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Keywords:

  • stress management;
  • exercise;
  • cancer;
  • chemotherapy

Abstract

  1. Top of page
  2. Abstract
  3. Introduction
  4. Method
  5. Results
  6. Discussion
  7. Acknowledgements
  8. REFERENCES

Although exercise may be used by some to decrease distress, little is known about how it may contribute to stress management (SM) among patients receiving chemotherapy. We evaluated whether exercise separately or in combination with SM training is effective at increasing perceived ability to manage stress. Patients receiving chemotherapy (N = 391) were randomized to receive usual care only (UCO), SM, exercise (EX), or stress management and exercise (SMEX). They completed the Measure of Current Status prior to receiving chemotherapy and 12 weeks after the first infusion. We hypothesized that participants randomized to an intervention condition would report improvements in relaxation, awareness of tension, getting needs met and coping confidence compared with those receiving UCO. Results indicated significant group-by-time interactions for the following: relaxation (UCO versus SM, p = 0.008), awareness of tension (UCO versus SMEX, p = 0.029 and UCO versus EX, p < 0.001), getting needs met (UCO versus SMEX, p = 0.020) and Measure of Current Status total score (UCO versus SMEX, p = 0.007 and UCO versus EX, p = 0.016). There were no group-by-time interactions for coping confidence (p-values >0.05). This study provides support for including an exercise component in SM interventions for cancer patients receiving chemotherapy (clinicaltrials.gov identifier: NCT00740038). Copyright © 2012 John Wiley & Sons, Ltd.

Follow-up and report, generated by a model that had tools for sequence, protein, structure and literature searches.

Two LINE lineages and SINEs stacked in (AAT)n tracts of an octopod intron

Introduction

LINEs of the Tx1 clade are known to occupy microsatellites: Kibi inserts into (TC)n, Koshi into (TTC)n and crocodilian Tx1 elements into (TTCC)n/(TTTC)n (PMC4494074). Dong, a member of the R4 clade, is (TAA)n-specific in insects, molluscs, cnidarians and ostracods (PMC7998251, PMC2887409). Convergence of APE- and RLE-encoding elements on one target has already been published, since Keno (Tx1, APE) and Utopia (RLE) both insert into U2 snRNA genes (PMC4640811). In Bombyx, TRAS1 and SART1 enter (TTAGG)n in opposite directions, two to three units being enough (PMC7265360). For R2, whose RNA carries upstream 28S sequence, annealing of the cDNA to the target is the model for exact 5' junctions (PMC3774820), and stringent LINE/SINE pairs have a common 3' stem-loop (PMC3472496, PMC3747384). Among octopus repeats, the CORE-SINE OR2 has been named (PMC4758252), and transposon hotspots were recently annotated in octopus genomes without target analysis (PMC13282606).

Introduction

  1. Top of page
  2. Abstract
  3. Introduction
  4. Method
  5. Results
  6. Discussion
  7. Acknowledgements
  8. REFERENCES

The diagnosis and treatment of cancer is stressful for many patients (Cordova et al., 1995). To address this issue, a number of stress management (SM) interventions have been developed and evaluated. Results of systematic reviews and meta-analyses of randomized controlled trials of interventions incorporating SM techniques show that they are effective in improving quality of life and relieving emotional distress in cancer patients undergoing treatment (e.g. Gorin et al., 2012; Jacobsen & Jim, 2008).

Mechanisms by which these interventions may yield improvements in quality of life and related domains in cancer patients are not well known. To date, attention has focused primarily on changes in patients' perceived ability to manage stress. Patients may experience improvements in quality of life domains after learning SM skills because they perceive themselves being better able to recognize tension and relax, more confident in their SM abilities and more confident about getting their needs met. Evidence in support of this view comes from studies that have used the self-report Measure of Current Status (MOCS; Carver, 2006) to assess cancer patients' perceptions of their SM skills (Antoni et al., 2006; Penedo et al., 2006). Confidence in SM skills is associated with better quality of life and less depression and anxiety in patients about to start chemotherapy treatment (Faul, Jim, Williams, Loftus, & Jacobsen, 2010). Among patients undergoing treatment for breast cancer (Antoni et al., 2006) and recovering from treatment for prostate cancer (Penedo et al., 2006), beneficial effects of group-based cognitive behavioural stress management (CBSM) interventions on quality of life outcomes have been explained by improvements in SM skills.